The youth policy was good but some aspects of it are highly flawed.  Kusal Janith Perera is one of the nicest guys you will come across in cricket. But not sure whether he is a leader. The selectors have argued that he is one of the few guys who can hold onto his place. But that is very defensive thinking. England would have never won the Ashes in 1981 had they followed similar strategy. Ian Botham was the golden boy of British sport in the 1980s. England’s selectors were bold and ready to sack Botham which forced the all-rounder to quit paving the way for Mike Brearley, an average First Class cricketer to be appointed captain. The rest as they say is history.

For a selection committee that was bold enough to drop as many as six seniors to stick to KJP as leader is like Maithripala Sirisena declaring war on drugs and then appointing Pujith Jayasundara as IGP.

There was in fact contradiction from the selectors. At one point they say that the captain has to be a permanent fixture in the side and then they appoint a deputy who is making a comeback to the side having picked up four ducks in a row.

The selectors, however, need to be given all the backing for they took some unpopular decisions at a time when it was much needed. Not many teams would travel to Bangladesh these days to play ODI cricket and will come home with their heads held high.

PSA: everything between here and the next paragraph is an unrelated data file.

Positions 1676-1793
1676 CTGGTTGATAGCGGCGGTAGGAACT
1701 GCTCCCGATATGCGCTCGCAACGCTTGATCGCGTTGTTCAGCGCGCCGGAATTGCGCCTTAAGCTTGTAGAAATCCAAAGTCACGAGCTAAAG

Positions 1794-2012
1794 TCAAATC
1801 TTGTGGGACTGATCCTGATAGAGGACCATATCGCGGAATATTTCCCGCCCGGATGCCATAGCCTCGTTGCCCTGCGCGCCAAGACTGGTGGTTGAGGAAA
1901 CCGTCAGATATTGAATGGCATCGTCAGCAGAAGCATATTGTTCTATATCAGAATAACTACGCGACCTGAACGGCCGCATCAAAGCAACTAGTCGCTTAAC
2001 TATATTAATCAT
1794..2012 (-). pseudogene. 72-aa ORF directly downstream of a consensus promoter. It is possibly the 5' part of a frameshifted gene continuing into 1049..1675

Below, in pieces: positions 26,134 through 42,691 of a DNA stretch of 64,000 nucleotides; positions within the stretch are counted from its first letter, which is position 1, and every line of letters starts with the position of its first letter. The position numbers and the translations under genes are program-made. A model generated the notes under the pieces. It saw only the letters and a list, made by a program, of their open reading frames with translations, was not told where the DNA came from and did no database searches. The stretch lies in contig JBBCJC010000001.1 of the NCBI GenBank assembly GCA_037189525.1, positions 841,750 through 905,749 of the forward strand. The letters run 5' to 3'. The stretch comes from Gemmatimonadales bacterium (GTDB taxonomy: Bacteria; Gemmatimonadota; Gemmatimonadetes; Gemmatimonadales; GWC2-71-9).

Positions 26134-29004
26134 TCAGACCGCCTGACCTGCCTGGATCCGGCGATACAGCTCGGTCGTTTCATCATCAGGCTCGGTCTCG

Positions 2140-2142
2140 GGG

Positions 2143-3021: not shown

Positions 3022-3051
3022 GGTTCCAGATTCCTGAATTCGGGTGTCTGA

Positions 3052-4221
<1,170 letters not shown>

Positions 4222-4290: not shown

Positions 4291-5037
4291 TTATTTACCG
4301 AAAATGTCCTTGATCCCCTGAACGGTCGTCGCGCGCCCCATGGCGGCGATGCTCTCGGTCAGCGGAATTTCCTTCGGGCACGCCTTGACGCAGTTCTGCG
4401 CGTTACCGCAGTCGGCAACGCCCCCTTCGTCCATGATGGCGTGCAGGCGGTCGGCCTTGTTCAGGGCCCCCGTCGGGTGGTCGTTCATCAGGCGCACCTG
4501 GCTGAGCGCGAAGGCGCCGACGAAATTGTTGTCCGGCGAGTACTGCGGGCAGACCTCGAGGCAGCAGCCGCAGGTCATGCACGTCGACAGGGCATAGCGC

There are four Bangladeshis who have played 200 ODIs. Kusal Janith Perera is Sri Lanka’s most experienced but he has played barely 100 games.

Playing spin has been a major issue for the Sri Lankan batters and questions will be asked on the contributions that Batting Coach Grant Flower has been making. There’s been spotlight on Flower for some time now. In Sri Lanka, anyway, after a series defeat you need a scapegoat and all blame seem to be going Flower’s way these days. Poor guy!

Too many Sri Lankan batsmen seem to be attempting to clear the boundary and are dismissed as was evident by the second ODI. That’s the easy way out.  You need to have the discipline to grind it out, rotate the strike and then find the boundary when the opportunity is presented. Mushfiqur Rahim has been so good to watch in that regard.